[With the attention 50 Cent has generated over the past few weeks, it’s no surprise a studio album is underway. In light of the G-Unit general’s upcoming yet untitled LP, SOHH’s drawn up a list of our favorite perceived publcity stunts that led up to an album release. GGG-GG-GGet ready!]
1. Get Rich Or Die Tryin’ (2003): Ja Rule & Murder Inc. Fall
Ja Rule took a beating from 50 Cent, and beefs ensued between the two rappers’ camps; for instance, over the beat of 2Pac’s “Hail Mary,” 50 Cent teamed up with his associates Eminem and Busta Rhymes for a stinging mixtape freestyle dissing Ja Rule and Irv Gotti. Increasingly susceptible to the criticism as his music fell out of public favor, Ja Rule returned with as much vengeance as he could muster. (All Music)
*Certified 8x Platinum*
Despite the non-stop disses directed at 50 Cent and company, 50’s Interscope Records debut would go on to sell millions.
2. Beg For Mercy (2003): Tony Yayo Gets Locked Up
Before the group had a chance to record its debut album, Tony Yayo was sentenced to prison for a gun-possession charge as well as bail-jumping. During Tony Yayo’s prison sentence, the group signed Nashville rapper, Young Buck. They continued their activity, working on yet more mixtape recordings. In particular, their ‘G-Unit Remix’ to 50 Cent’s “P.I.M.P.” was successful. During Tony Yayo’s prison sentence, G-Unit recorded their debut album, Beg for Mercy. The album was quickly released on November 14, 2003 to combat bootlegging and had significant commercial success. Tony Yayo made only two appearances on the album, both on songs that were recorded before his arrest. (Lyrics Freak)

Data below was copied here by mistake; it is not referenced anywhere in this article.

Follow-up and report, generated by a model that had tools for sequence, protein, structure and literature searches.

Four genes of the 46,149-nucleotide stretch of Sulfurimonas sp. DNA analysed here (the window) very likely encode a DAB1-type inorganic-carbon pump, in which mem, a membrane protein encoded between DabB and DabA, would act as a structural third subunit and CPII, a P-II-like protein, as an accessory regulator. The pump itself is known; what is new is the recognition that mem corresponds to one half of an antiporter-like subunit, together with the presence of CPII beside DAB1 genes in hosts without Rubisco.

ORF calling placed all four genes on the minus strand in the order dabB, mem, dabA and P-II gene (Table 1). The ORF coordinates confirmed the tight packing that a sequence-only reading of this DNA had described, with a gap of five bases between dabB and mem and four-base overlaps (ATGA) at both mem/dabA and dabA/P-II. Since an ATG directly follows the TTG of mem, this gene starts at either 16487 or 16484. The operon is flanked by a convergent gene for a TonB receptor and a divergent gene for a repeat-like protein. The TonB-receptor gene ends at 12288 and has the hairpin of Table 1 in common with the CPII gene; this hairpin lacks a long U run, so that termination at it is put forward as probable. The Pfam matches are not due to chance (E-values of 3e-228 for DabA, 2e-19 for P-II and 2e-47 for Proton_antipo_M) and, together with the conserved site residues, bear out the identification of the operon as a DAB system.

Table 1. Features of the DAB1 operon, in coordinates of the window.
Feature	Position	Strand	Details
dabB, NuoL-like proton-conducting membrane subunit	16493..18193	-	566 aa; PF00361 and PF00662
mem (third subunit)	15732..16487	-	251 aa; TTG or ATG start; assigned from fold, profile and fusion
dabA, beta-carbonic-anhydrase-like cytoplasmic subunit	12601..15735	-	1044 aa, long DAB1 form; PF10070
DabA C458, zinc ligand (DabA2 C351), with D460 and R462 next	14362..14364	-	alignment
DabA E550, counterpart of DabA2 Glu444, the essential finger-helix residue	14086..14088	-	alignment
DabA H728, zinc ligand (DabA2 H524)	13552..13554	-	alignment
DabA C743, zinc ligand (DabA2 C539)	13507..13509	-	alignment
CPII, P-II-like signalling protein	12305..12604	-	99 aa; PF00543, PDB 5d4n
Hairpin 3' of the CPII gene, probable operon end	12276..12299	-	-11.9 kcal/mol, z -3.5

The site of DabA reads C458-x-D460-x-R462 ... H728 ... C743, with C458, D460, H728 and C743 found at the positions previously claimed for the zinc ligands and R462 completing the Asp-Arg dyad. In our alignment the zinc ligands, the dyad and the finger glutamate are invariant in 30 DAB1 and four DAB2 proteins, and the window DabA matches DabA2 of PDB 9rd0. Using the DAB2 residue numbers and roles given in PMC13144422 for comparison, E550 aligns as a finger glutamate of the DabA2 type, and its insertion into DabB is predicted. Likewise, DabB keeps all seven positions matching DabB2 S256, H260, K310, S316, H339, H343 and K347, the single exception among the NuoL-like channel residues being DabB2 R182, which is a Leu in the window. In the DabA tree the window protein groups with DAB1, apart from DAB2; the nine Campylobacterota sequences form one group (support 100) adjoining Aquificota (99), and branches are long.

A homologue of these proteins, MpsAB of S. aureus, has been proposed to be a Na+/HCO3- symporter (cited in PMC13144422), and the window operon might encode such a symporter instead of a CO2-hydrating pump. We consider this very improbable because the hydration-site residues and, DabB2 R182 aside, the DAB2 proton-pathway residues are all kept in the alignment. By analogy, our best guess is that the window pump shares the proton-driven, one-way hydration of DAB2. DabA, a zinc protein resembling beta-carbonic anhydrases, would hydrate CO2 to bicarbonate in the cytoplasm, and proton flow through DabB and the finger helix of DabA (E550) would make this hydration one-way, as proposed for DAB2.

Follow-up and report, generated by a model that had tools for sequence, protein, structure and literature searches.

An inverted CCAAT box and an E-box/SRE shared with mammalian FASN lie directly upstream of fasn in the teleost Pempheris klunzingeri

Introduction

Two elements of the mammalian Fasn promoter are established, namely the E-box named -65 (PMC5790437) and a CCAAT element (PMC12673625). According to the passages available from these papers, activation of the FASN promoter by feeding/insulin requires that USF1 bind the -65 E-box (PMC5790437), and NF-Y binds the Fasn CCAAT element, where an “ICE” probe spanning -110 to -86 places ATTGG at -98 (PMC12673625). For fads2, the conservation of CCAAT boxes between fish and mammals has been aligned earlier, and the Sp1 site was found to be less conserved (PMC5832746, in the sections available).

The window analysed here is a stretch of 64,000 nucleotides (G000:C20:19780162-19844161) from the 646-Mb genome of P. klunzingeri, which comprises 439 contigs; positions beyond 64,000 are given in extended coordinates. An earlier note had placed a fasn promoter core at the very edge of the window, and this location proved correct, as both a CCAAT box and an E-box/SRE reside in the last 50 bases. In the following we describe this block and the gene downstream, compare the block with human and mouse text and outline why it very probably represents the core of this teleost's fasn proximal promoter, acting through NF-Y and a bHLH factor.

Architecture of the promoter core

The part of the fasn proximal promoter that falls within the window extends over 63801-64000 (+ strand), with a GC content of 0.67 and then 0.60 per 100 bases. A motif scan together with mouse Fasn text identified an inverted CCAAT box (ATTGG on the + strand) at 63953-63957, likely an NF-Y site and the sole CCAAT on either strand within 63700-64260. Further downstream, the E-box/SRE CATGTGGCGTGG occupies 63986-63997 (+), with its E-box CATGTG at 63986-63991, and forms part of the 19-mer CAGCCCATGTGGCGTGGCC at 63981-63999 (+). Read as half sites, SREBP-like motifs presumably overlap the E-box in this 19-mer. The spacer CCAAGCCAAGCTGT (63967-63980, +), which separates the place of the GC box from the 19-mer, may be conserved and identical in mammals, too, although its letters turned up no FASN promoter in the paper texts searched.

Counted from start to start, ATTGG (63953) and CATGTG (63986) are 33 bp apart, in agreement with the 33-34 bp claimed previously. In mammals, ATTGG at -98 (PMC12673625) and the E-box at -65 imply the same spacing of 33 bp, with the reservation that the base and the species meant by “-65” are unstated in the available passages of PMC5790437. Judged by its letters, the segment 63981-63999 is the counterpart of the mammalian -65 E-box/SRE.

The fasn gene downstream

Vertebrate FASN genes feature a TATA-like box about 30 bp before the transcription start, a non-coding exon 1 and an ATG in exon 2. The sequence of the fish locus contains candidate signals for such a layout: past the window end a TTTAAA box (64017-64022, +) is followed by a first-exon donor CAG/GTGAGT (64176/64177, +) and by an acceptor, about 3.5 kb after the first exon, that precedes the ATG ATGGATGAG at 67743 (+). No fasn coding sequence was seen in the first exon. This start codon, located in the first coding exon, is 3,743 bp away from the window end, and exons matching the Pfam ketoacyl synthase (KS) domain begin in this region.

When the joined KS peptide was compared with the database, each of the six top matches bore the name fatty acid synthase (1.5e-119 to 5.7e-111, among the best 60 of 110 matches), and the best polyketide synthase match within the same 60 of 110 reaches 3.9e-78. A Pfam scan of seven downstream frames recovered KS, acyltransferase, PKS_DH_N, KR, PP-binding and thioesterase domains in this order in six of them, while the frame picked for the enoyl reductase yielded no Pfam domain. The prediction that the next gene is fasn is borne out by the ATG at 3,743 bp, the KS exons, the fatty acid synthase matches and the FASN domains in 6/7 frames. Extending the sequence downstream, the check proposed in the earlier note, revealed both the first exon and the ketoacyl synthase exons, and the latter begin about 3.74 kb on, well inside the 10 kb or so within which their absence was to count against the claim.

*Certified 2x Platinum*
Remember those “Free Yayo” t-shirts? You know, the one Eminem wore at the 2003 Grammy Awards during his televised performance? Needless to say, the album did fairly well.
3. The Massacre (2005): Nas, Jadakiss, Mobb Deep, Ja Rule, Kelis, Shyne, Fat Joe, Lil Kim Get Porked
No stranger to beef, 50 Cent kicked off the promo campaign for his sophomore album The Massacre by creating a massacre of his own: attacking every rapper in NYC. Well, almost. Feeling a certain way about Fat Joe and Jadakiss appearing on arch-nemesis Ja Rule’s “New York,” 50 viciously attacked all parties involved. He accused Jadakiss of only popping locally and called Fat Joe on releasing a dud of an album after dropping the massive hit “Lean Back.” Heck, even Mobb Deep (who 50 would sign months later), took a stray shot because Havoc showed up to Ja’s video shoot. The video was an animated mess, but does score points for depicting Nas as “Captain Save Em” chasing down the Kelis “Milkshake” truck. (Complex)
*Certified 4x Platinum
Maybe 50 Cent was trying to avoid the sophomore jinx?
4. Curtis (2007): Cam’ron Prank Calls, Kanye West Wins The Battle